The Yuzhnoye (or Pivdenne in Ukrainian) design office’s “repeated attempts to market the rocket and related technologies to other potential customers, including Boeing and Brazil, yielded little,” Elleman writes. “The once vaunted Yuzhnoye design office has been near financial collapse since roughly 2015.”
What does Yuzhmash say about it?
Yuzhmash categorically denies any connection to the North Korean missiles.
“The assumptions of the authors of the publication and the “expert” they quoted regarding Ukraine’s possible connection to [North Korea’s] progress in developing missile technology has no relation to reality,” the company said in an exceedingly formal statement.
“Yuzhmash has never before had and still has no connection to the North Korean cosmic or defense missile programs. Since Ukraine’s independence, military missiles and missile systems have not been produced by Yuzhmash. The only serial engine shipped in recent years for export (the RD-843 [sold] to Italy for the European Vega carrier) is designed to launch and operate in outer space, and according to its characteristics (including thrust power) is not suitable for use in military ballistic missiles.”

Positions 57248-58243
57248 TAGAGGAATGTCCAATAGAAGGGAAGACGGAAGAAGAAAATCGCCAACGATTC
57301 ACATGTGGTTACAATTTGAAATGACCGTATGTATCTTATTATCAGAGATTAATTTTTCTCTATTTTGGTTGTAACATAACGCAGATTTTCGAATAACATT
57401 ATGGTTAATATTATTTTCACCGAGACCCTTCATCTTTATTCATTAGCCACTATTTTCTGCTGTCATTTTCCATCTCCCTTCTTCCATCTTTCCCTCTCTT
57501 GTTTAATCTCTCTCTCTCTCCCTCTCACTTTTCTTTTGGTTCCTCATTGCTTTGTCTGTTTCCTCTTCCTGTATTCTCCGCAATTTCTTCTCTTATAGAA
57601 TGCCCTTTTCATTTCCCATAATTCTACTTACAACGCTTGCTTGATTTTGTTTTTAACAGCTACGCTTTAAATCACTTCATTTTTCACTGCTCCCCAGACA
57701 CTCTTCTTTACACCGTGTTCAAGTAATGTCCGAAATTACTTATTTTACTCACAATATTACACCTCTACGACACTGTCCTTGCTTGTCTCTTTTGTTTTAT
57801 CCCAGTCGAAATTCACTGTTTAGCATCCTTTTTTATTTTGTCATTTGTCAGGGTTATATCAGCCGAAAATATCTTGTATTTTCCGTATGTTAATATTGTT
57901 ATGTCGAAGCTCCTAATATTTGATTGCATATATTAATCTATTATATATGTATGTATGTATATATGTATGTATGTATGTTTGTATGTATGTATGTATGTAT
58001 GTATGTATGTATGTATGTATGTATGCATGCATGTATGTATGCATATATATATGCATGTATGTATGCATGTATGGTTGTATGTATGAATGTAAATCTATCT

Photo credit: EPA/KCNA
How could the engines end up in North Korea?
Elleman writes that the total quantity of RD-250 engines manufactured in Russia and Ukraine is unknown, but is likely is in the hundreds, “if not more.” Spare parts for these engines are stored in both Russia and Ukraine.
“[F]acilities warehousing the obsolete LPEs are probably loosely guarded,” he writes. “A small team of disgruntled employees or underpaid guards at any one of the storage sites, and with access to the LPEs, could be enticed to steal a few dozen engines by one of the many illicit arms dealers, criminal networks, or transnational smugglers operating in the former Soviet Union. The engines (less than two metres tall and one metre wide) can be flown or, more likely, transported by train through Russia to North Korea.”
Why does Elleman believe Ukraine was somehow connected?